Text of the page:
Distributed cerebellar plasticity implements adaptable gain control (Garrido et al., 2013)

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Accession:150067
We tested the role of plasticity distributed over multiple synaptic sites (Hansel et al., 2001; Gao et al., 2012) by generating an analog cerebellar model embedded into a control loop connected to a robotic simulator. The robot used a three-joint arm and performed repetitive fast manipulations with different masses along an 8-shape trajectory. In accordance with biological evidence, the cerebellum model was endowed with both LTD and LTP at the PF-PC, MF-DCN and PC-DCN synapses. This resulted in a network scheme whose effectiveness was extended considerably compared to one including just PF-PC synaptic plasticity. Indeed, the system including distributed plasticity reliably self-adapted to manipulate different masses and to learn the arm-object dynamics over a time course that included fast learning and consolidation, along the lines of what has been observed in behavioral tests. In particular, PF-PC plasticity operated as a time correlator between the actual input state and the system error, while MF-DCN and PC-DCN plasticity played a key role in generating the gain controller. This model suggests that distributed synaptic plasticity allows generation of the complex learning properties of the cerebellum.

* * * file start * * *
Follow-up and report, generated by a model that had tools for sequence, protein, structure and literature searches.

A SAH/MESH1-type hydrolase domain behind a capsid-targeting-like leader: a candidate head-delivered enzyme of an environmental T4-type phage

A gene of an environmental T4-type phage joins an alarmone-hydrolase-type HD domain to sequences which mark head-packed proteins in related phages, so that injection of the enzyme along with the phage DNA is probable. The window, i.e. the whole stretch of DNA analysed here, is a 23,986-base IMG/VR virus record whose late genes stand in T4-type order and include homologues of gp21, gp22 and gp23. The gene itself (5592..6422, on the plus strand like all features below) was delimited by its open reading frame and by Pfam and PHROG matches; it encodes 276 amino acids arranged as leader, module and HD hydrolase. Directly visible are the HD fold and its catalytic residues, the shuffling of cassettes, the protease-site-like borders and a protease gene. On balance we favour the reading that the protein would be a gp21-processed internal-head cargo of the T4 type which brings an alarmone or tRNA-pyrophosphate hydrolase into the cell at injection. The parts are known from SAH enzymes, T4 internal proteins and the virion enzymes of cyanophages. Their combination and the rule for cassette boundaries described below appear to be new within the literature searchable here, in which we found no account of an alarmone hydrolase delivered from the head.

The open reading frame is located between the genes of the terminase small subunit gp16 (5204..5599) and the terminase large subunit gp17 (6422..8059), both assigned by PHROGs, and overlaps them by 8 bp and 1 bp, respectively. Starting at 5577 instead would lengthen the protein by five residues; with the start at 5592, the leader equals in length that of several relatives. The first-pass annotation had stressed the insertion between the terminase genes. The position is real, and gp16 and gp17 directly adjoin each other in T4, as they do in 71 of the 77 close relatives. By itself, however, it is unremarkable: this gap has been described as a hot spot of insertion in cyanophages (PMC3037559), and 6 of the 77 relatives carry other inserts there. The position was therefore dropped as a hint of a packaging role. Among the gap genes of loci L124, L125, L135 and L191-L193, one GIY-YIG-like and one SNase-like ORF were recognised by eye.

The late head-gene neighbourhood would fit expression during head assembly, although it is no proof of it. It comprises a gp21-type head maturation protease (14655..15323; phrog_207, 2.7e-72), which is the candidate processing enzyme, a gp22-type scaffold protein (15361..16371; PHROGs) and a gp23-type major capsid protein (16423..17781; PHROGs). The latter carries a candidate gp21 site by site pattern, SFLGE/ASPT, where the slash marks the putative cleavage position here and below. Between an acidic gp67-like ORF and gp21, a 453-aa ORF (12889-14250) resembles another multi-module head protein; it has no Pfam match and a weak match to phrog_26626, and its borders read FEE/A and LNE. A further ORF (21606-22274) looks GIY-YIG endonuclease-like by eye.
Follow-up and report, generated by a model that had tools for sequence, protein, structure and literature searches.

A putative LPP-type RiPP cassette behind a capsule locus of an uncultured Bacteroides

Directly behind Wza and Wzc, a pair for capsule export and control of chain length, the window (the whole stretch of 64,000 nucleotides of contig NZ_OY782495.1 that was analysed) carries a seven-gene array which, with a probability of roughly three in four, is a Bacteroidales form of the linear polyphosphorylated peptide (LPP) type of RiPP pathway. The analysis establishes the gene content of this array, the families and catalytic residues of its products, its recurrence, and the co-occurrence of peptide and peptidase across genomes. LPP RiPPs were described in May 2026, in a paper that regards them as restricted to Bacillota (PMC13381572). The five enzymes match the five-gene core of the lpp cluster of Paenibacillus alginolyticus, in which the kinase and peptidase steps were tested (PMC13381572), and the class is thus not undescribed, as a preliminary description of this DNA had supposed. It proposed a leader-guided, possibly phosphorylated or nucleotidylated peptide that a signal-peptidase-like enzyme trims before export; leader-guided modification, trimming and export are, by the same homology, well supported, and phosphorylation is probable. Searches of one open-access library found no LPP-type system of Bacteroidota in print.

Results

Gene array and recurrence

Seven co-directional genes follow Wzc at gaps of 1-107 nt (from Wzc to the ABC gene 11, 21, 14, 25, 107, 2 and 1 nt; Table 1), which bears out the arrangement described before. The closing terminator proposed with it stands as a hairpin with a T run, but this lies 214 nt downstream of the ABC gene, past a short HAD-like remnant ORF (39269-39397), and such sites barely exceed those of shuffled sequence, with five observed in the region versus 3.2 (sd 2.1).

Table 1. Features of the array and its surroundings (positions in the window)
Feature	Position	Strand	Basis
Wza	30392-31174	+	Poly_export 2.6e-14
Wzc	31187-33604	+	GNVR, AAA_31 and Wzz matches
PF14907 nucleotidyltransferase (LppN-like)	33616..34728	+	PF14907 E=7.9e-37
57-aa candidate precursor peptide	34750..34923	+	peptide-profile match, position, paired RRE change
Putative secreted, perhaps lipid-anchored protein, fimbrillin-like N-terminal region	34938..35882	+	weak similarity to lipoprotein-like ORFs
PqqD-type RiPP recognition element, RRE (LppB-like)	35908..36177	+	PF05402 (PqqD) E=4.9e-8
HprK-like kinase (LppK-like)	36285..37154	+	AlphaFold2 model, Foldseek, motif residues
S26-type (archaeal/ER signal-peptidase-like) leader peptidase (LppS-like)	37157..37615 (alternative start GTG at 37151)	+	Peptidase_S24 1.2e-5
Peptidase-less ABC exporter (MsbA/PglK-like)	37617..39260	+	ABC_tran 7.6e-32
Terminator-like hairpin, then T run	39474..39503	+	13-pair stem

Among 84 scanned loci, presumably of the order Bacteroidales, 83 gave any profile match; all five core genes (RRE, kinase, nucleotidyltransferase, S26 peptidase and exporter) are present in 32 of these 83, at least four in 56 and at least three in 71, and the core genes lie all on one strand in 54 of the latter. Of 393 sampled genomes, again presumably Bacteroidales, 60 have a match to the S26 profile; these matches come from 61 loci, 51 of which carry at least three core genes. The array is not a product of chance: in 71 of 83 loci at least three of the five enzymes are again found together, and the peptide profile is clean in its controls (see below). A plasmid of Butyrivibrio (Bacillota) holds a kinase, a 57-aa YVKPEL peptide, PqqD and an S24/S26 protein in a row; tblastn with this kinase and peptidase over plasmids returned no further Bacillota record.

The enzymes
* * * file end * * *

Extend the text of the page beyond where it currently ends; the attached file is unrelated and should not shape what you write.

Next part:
Reference:
1 . Garrido JA, Luque NR, D'Angelo E, Ros E (2013) Distributed cerebellar plasticity implements adaptable gain control in a manipulation task: a closed-loop robotic simulation Front. Neural Circuits 7:159:1-20
Model Information (Click on a link to find other models with that property)
Model Type: Realistic Network;
Brain Region(s)/Organism: Cerebellum;
Cell Type(s): Cerebellum deep nucleus neuron;
Channel(s):
Gap Junctions:
Receptor(s):
Gene(s):
Transmitter(s):
Simulation Environment: C or C++ program; MATLAB; Simulink;
Model Concept(s): Long-term Synaptic Plasticity;
Implementer(s): Garrido, Jesus A [jesus.garrido at unipv.it]; Luque, Niceto R. [nluque at ugr.es];
%SELECT	S-function it is used  to reset the Mossy fiber when its limit value is exceeded.
%
%               [sys,x0,str,ts] = Thresh(t,x,u,flag,Uth,Ureset)
% Mossy fiber dynamic is given by the equation:
%               
%               ?_m  (dU_m)/dt=-U_m (t)+RI(t)
%   When the membrane potential reaches a threshold value Uthresh, the neuron fires and